The staging area 308 can also serve as a temporary cache to process payload data from a write request received at the protocol interfaces module 306. The front-end subsystem 302 can process incoming write requests via a data processing pipeline through a pipeline planner module 316. When the pipeline planner module 316 receives an incoming write request, the pipeline planner module 316 can determine what types of storage efficiency processes to perform on the payload data of the write request prior to sending the payload data into persistent storage in the storage subsystems 304.

The storage efficiency processes can include compression of the payload data as implemented by a compression module 318, deduplication of the payload data as implemented by a deduplication binning module 320 and a deduplication module 322, fragment encryption as implemented by a fragment encryption module 324, and erasure coding as implemented by a fragment erasure coding module 326. The pipeline planner module 316 can improve storage efficiency by allocating processing time (e.g., as measured by absolute time, processing cycles, or process iterations) to each of these storage efficiency processes. While the storage efficiency processes is illustrated in FIG. 3 in a given order, alternative embodiments may perform these storage efficiency processes in a different order, and some processes may be removed, moved, added, subdivided, combined, and/or modified to provide alternatives or subcombinations. The scheduled order of storage efficiency processes can be saved to enable a reversal of the storage efficiency processes in order to execute a subsequently received client read request to retrieve the payload data.

The compression module 318 implements one or more compression algorithms. The pipeline planner module 316 can schedule the compression module 318 to try a subset or all of the one or more compression algorithms on the payload data. The compressed payload data taking up the least memory space can then be piped to the next storage efficiency process.

The deduplication binning module 320 implements one or more deduplication binning techniques. The term “deduplication binning” here refers to a method of splitting data chunks (e.g., the payload data chunks or the compressed payload data chunks) into data fragments (“bins”) and performing deduplication of a chosen fragment of chunks. The deduplication module 322 implements one or more deduplication techniques working in conjunction with the one or more deduplication binning techniques. The pipeline planner module 316 can schedule for any combination of deduplication binning techniques and deduplication techniques on the payload data or the compressed payload data. The deduplicated payload data from a combination of deduplication binning and the deduplication techniques with the best result (e.g., largest amount of redundant data removed) can then be piped to the next storage efficiency process.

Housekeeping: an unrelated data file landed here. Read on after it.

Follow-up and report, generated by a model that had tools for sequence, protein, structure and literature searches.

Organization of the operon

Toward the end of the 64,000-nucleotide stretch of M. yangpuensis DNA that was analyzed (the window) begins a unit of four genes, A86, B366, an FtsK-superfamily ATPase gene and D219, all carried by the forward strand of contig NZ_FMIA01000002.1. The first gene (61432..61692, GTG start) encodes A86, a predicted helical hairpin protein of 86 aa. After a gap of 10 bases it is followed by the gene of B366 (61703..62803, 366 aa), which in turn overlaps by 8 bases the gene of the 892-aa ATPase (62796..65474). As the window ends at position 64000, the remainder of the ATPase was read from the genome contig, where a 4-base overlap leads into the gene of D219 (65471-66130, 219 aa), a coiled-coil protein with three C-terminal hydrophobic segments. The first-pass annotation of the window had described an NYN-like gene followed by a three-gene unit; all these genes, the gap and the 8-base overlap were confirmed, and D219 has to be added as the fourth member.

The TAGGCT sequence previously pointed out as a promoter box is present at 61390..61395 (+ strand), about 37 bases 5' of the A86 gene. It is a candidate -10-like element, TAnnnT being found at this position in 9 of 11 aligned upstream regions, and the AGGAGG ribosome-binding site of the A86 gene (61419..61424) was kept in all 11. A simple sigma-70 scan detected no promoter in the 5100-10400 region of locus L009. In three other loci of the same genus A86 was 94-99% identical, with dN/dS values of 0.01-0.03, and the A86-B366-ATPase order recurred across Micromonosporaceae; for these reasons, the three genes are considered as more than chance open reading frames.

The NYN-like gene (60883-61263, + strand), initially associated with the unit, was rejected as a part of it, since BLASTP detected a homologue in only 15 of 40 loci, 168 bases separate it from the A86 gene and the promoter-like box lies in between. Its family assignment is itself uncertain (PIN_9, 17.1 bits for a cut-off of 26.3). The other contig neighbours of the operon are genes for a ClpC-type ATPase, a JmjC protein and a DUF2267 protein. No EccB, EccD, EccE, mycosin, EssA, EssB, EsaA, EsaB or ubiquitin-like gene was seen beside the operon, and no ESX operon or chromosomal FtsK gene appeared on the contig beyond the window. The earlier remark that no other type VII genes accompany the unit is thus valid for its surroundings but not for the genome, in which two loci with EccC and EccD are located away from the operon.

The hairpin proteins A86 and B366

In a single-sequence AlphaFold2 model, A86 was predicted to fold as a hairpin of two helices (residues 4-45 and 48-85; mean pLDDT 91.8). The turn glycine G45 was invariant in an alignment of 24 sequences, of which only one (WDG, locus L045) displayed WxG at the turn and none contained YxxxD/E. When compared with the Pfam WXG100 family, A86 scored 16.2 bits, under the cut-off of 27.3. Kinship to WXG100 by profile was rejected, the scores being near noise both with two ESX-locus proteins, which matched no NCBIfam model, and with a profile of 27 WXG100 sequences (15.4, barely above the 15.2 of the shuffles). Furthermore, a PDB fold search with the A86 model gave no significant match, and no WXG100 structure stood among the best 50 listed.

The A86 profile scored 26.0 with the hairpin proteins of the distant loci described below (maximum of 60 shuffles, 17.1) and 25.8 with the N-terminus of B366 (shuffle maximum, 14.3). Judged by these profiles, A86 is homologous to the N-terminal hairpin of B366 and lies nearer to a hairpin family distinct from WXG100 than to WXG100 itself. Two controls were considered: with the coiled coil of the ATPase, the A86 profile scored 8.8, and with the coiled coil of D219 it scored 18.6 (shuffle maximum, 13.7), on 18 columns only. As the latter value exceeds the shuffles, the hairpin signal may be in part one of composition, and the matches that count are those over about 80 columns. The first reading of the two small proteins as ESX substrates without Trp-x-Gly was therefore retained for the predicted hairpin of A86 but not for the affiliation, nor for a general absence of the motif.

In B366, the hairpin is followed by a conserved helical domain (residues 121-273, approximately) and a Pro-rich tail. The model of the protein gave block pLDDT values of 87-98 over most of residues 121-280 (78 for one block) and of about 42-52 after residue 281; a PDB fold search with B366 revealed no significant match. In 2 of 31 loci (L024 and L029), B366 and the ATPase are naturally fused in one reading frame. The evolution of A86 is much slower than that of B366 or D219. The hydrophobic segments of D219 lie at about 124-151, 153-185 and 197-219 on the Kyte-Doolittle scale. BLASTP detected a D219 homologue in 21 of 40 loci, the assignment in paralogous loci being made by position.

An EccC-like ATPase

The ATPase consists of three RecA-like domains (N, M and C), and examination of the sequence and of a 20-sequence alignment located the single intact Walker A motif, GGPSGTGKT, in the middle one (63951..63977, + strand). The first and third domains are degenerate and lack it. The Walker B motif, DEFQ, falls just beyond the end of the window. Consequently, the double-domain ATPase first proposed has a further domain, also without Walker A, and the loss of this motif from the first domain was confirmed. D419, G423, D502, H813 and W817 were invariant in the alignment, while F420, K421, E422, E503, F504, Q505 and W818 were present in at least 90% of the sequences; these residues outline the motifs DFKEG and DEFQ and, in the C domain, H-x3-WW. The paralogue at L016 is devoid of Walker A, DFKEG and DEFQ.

The fragment encryption module 324 implements one or more encryption techniques. The pipeline planner module 316 can schedule the fragment encryption module 324 to encrypt fragments of the incoming data (e.g., deduplicated and compressed payload data). As part of the deduplication binning process, the payload data can be split into data fragments. The fragment encryption module 324 can encrypt the resultant fragments of the payload data from the deduplication process. The encrypted fragments are then piped to the next storage efficiency process.

The fragment erasure coding module 326 implements one or more erasure coding techniques. The term “erasure coding” herein refers to transforming payload data of k fragments into erasure coded data of N fragments, where N>k, such that the payload data can be recovered from a subset of the N. The pipeline planner module 316 can schedule the fragment erasure coding module 326 to try a subset or all of the one or more erasure coding techniques on the incoming fragments (e.g., deduplicated fragments and/or encrypted fragments). As part of the deduplication binning process or the fragment encryption process, the payload data can be split into data fragments. The fragment erasure coding module 326 can erasure code the resultant fragments of the payload data from the deduplication process and/or the fragment encryption process. The erasure coded fragments with the optimal code rate and reception efficiency are then piped to the next storage efficiency process. The term “code rate” herein refers to the fraction k/N and the term “reception efficiency” refers to the fraction k′/k, where k′ denotes the minimum number of fragments needed for recovery of the payload data.